Cloud computing: What it means, why it’s important

When the going gets tough, the tough seek productivity gains through the adoption of new information technologies. Well, that might not be how the saying goes, but it is sound advice for the times.

Cloud computing is the latest buzzword in information technology. Its basic premise is to move where you store and process your information: from your in-house computer or servers, out to service providers' computers via the Internet.

From a user's point of view, you typically interact with the service using a web browser or VPN connection. The service provider's computer is where the real computational work is done and is where your data is stored and manipulated. If you have ever used Google Apps, Facebook, or Apple's MobileMe service, then you have entered the realm of cloud computing.

– Google Apps offers a web-based office suite, making it an alternative to Microsoft Office. The advantage is you no longer need to purchase and load software on you own computer but instead use your web browser to access software running on Google's servers to create, modify, and store your documents. Google Apps also allows easy document collaboration through a secure web link, so companies needing to share files no longer need to purchase and support a file-server system. Employees can access company files wherever they have Internet access on any device that contains a web browser, including smart phones.

– Apple's MobileMe service is another variation on the cloud computing experience. In addition to offering a variety of web-hosting services, MobileMe's central function is to provide for the synchronization of your contacts, calendar, bookmarks, email, and preferences across your laptop, desktop, and iPhone or iPod Touch. Once set up, you can enter information on any one device and have the other synchronized devices register the change within one minute or less. If you don't have one of your own computers handy, you can securely access your latest information from any computer using the Internet.


Cloud services can also benefit businesses by eliminating the large upfront capital expenditures for in-house IT infrastructure. Moving to cloud service providers also allows scalability; a business would purchase services as its needs fluctuate. This flexibility is particularly attractive in our current environment, as users could eliminate the cost of servicing idle computing infrastructure during scaled-back business operations.

Major cloud providers that cater to mid- to enterprise-level businesses include, which offers customer-relationship management products, and Amazon's EC2, AT&T's Synaptic Hosting Service, and VMware's vSphere products.

Differing from cloud services, which focus on a specific functionality, Amazon, AT&T and VMware offer fully custom cloud computing. How? It's called virtualization. Virtualization allows a single computer to run multiple operating systems, eliminating the need for more computers, and enabling a MAC user, for instance, to create a virtual PC environment on his or her computer that can run Microsoft Windows or Linux.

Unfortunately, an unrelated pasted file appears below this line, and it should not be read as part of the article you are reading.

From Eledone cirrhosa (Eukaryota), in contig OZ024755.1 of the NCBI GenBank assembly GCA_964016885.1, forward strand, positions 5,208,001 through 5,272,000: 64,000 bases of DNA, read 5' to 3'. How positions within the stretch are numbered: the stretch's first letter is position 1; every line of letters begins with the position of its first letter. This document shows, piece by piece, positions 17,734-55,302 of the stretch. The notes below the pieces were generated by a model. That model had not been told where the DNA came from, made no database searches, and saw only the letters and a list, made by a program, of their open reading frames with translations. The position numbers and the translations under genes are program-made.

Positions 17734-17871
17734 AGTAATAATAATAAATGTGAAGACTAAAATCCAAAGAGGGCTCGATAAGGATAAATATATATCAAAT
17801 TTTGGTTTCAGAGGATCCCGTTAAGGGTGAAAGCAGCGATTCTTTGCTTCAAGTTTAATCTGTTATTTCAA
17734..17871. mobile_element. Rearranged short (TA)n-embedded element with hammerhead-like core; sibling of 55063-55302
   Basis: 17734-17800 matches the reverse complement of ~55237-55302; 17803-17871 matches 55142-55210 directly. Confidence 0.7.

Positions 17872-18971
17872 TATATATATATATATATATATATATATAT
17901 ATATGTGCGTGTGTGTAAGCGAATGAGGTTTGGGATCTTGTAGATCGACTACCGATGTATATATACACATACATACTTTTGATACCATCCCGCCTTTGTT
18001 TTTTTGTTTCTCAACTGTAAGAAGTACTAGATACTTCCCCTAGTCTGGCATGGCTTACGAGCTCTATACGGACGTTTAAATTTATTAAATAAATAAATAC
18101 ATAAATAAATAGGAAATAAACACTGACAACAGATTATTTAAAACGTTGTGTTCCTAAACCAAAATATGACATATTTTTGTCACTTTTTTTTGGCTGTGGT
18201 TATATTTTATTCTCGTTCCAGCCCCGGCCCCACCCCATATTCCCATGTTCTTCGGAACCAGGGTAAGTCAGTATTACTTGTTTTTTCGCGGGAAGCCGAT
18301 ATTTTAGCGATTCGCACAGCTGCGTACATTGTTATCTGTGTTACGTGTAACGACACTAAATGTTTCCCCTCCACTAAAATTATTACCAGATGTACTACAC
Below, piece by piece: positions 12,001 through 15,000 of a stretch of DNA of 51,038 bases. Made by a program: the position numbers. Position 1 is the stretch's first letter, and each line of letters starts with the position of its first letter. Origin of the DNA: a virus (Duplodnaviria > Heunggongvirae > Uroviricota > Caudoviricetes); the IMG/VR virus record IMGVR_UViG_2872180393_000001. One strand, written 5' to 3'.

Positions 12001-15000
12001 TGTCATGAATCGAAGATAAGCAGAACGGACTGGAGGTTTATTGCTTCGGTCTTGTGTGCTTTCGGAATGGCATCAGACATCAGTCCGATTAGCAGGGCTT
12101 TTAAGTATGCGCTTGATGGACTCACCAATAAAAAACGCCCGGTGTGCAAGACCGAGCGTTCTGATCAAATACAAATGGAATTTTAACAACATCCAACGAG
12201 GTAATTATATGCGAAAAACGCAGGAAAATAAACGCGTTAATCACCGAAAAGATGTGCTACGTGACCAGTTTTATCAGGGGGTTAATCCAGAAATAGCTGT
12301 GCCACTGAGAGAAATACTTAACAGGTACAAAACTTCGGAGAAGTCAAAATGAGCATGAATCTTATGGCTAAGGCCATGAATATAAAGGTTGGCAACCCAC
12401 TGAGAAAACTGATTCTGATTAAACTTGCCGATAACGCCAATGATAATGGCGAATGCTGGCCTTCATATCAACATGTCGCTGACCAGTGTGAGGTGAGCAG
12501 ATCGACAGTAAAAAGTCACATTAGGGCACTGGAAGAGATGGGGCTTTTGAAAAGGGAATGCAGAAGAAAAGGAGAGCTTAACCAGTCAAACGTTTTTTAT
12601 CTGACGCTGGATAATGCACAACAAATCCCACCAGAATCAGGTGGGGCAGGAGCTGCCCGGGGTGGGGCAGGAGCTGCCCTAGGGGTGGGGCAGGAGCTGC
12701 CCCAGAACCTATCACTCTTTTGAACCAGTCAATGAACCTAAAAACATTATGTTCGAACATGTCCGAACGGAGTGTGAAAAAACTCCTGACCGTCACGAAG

VMware and Parallels offer PC-based examples of virtual machine software at work. This virtualization is expanded to simulate large serving centers with services such as Amazon's EC2 and VMware's vSphere. With these products, not only can you simulate any configuration you may require but computing resources can be employed as needed since the "machine" is not dependent on any specific piece of hardware.

There's also a green bonus to virtualization: Tailoring your operating costs to varying levels of computing activity lowers energy consumption; it allows more efficient use of the computers in use as well as powering down components that are idle-an increasingly important factor as the energy consumption of computing centers grows.

With the perceived benefits of computing in the cloud, more firms are signing on. Gartner, an information technology market research firm, forecasts worldwide cloud services revenue to surpass $56.3 billion in 2009, a 21.3 percent increase from 2008.

Security snafus?

Since data is stored in the cloud and not on the user's system, data security is an important issue. "It is unsettling to folks to give control away," says Timothy Gillen, president of Terrapin Networks. The worry isn't baseless. What happens to your data when your cloud service provider ceases operations, for instance? (Large companies like AOL, HP and Sony have announced termination of some cloud services.) To guard against the loss of data, experts recommend making certain your service provider allows for the export of your data in a form that you can easily port to another system.

Ownership of your information is another security concern. A prime example is the recent flap over Facebook's terms of service changes, in which Facebook claimed rights to any uploaded content. Before adopting cloud services some industries will need to review legal requirements regarding the handling of their information. For instance, health care providers will need to insure that service agreements are HIPAA compliant before implementing any cloud computing services.

Services outages pose another problem for cloud computing. According to Gillen, has experienced at least three serious outages that have temporarily left clients without access to their CRM information.

Due to the potentially large market for cloud computing, the industry is highly motivated to address the security and access concerns that potential users will have. Many providers are starting to craft individualized service agreements that cater to the specific needs or their clients. With the maturation of the cloud computing industry, you may find the competitive advantages of adopting this technology increasingly fit the requirements of your business. BN